To obtain a change of ratio, the microprocessor changes the electric signal on the solenoid valve 23, causing the spool to move. The relative pressures in the lines change, and the pistons are subjected to a net force in one direction. Other factors being equal, the roller mounting moves in one direction and the rollers steer to a new attitude. The same pressures are transmitted to the respective ends of all the rollers since points L and R connect with the slave pistons as shown in FIG. 4, orifices 33 and 34 providing damping. The increased force on the roller mountings is also transmitted to the end loading device (the device for forcing the toroidal discs together) because this is upstream of the pressure control valve.
In acordance with the invention, the ports 19 and 20 act as hydraulic stops. Suppose for example the spool of its solenoid valve 23 moves sharply to the right and causes a sharp rise in the left hand pressure line. The roller mounting will be forced to the right and will restrict the port 19 (by restricting a groove 29 through which the port opens into the cylinder: port 20 opens into a similar groove 30). Consequently, oil flow reduces out of the cylinder 15 and the pressure rises in the cylinder 15, countering the high pressure in the left hand cylinder. In addition, because of the high pressure, oil exhausts across the piston and oil leaks out of the right hand line. (It could be designed to occur elsewhere, upstream of the orifice 27). The flow dividing valve 22 attempts to maintain equal flow across orifices 26, 27, and hence diverts more oil into the right hand line and out of the left hand line (the pressure difference across CA exceeds that across DB and the spool of the flow dividing valve moves to the right). (In fact, as the hydraulic stops come on (i.e. the orifice 19 becomes more restricted), the flow dividing valve becomes unable to keep the flow across the orifices 26, 27 the same, although it is still attempting to do so.) The restricted flow to the left hand line will tend to reduce the pressure in that line and hence reduce the effect of the solenoid valve. These two factors, the reduced effect of the solenoid valve, and the build-up of pressure in the cylinder 17 as the port 19 is closed, cause the right hand motion of the roller to be resisted and gradually reversed, until the piston is off the hydraulic stops. An additional factor is that the increased flow to the right hand line makes the hydraulic stop stiffer than it would otherwise be.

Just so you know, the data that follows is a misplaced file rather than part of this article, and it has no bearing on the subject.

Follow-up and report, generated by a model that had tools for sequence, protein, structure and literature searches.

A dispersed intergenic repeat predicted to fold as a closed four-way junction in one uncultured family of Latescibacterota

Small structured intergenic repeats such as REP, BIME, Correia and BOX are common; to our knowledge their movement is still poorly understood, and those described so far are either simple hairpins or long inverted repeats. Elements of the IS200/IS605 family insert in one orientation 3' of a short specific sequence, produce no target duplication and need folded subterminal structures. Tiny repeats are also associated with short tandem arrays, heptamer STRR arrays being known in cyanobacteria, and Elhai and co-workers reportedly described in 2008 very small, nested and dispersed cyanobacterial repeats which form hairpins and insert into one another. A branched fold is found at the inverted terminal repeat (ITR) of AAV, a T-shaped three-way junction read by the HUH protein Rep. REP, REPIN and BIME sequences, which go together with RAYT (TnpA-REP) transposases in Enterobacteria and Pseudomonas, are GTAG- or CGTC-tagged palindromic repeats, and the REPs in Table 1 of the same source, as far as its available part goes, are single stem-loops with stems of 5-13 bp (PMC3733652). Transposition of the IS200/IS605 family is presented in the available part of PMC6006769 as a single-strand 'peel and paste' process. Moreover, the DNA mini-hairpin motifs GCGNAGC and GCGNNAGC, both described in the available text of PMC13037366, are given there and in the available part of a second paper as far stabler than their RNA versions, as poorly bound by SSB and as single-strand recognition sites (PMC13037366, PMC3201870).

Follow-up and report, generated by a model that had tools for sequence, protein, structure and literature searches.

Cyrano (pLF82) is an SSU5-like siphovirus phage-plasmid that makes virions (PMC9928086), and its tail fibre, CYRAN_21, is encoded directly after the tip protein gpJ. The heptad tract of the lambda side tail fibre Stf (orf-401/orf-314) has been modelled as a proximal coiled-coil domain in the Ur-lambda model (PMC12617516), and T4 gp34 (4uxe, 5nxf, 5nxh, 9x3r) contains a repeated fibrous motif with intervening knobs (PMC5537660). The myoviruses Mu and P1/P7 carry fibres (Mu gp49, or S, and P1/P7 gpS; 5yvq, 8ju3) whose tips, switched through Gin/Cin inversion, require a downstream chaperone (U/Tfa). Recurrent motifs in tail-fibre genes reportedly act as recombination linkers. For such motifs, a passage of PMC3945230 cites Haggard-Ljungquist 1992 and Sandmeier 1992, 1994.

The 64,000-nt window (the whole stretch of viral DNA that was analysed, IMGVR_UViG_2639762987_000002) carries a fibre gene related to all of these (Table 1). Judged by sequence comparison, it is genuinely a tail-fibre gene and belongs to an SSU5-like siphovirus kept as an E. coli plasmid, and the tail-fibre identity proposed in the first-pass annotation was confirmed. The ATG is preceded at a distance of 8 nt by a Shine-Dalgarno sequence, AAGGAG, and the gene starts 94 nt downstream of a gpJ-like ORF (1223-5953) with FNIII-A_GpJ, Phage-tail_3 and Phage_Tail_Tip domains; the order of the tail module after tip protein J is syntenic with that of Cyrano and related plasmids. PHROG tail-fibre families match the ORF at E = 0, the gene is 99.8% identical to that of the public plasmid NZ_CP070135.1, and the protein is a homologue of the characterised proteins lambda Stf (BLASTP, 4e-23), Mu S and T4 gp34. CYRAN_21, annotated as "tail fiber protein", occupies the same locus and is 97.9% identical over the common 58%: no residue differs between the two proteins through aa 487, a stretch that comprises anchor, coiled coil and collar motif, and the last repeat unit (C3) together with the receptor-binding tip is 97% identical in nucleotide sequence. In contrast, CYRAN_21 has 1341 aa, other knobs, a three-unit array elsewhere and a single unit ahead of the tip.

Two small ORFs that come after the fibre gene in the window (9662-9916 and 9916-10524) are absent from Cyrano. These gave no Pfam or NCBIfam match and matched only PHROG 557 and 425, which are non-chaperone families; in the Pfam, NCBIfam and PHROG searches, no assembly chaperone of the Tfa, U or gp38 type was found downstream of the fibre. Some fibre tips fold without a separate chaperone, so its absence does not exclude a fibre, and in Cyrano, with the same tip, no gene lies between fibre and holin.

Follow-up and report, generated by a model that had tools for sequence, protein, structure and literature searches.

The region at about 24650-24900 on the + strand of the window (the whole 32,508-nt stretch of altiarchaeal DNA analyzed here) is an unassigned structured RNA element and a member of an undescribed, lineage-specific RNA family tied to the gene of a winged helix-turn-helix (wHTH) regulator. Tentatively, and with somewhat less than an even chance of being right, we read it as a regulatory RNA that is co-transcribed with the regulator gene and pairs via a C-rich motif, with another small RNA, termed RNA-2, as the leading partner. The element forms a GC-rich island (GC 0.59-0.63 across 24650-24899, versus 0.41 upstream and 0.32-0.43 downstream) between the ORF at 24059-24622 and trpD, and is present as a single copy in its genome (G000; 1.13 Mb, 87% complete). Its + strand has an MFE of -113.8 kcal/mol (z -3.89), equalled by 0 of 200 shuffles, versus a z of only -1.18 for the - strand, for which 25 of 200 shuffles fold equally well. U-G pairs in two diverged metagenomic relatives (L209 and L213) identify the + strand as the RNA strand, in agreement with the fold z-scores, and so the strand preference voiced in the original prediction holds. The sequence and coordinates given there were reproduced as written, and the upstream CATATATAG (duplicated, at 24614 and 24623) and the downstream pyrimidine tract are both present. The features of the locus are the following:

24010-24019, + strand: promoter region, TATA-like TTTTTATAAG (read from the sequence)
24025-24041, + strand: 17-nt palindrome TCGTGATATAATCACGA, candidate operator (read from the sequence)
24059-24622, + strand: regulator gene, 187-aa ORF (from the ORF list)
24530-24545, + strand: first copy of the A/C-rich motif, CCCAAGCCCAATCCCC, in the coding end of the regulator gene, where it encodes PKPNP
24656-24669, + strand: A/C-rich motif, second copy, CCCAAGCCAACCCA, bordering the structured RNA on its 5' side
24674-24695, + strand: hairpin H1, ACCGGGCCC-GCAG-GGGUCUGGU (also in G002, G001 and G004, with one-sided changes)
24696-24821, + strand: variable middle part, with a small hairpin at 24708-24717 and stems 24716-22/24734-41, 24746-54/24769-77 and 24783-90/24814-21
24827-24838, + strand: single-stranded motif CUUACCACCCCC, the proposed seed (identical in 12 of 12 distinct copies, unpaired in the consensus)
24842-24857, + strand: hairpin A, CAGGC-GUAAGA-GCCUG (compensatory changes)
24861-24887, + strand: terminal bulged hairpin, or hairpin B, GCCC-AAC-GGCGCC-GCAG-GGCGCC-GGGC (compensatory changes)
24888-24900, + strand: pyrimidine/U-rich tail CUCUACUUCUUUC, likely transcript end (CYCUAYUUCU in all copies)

The increased pressure is generated in the ram, making the construction less complicated than hitherto proposed solutions, and permitting the use of hydraulic stops with individual hydraulic roller control. Also, the increased pressure is fed to the endloading device since this is arranged upstream of the flow dividing valve. It should be noted that the hydraulic stops are in the master pistons only, not in the slaves.
High and low regime clutches may be selected by solenoid valves 35, 36 (FIG. 3); valves 35a and 36a control the engagement of the clutches. A two position relief valve 37 is incorporated downstream of the flow control valve. When set to low pressure position, the clutches operate at the pressure generated by the flow control valve 23. The second high pressure setting is used during a synchronous change of regime when both clutches are engaged. The local high pressure produced maintains the clutches against engine torque with zero demand on the solenoid valve.
In a modification of the invention, the axial length of the piston is slightly less than that of the groove 29 (FIG. 5), and this provides a more controlled leakage at the piston as the stops come on. The piston 13 has a smaller diameter head 31 on it which moves in a tight-fitting bore 32. This produces damping in the manner described in United Kingdom Patent Specification No. 1 032 004.
The operation of this form of the invention is the same as before in that leakage takes place from the cylinder as the stops come on and the orifice 27 downstream of it signals the flow dividing valve to divert flow to that line from the other.
The piston may be provided with an O-ring which tends to seal against a part of the cylinder as the stops come on. This will tend to increase the stiffness of the stops.
Flow control orifice 25 need not be positioned as in (FIG. 3). Instead, it may be positioned immediately upstream of pressure relief valve 28. In this case, the flow to the circuit is increased by any loss at the piston, as well as compensating for increased leakage, as the oil temperature rises.
As a further alternative, the pistons 15, 16 may operate all the rollers by means of a mechanical linkage.
As a further alternative, the constant flow on each line could be provided by separate pumps, rather than using the flow dividing valve.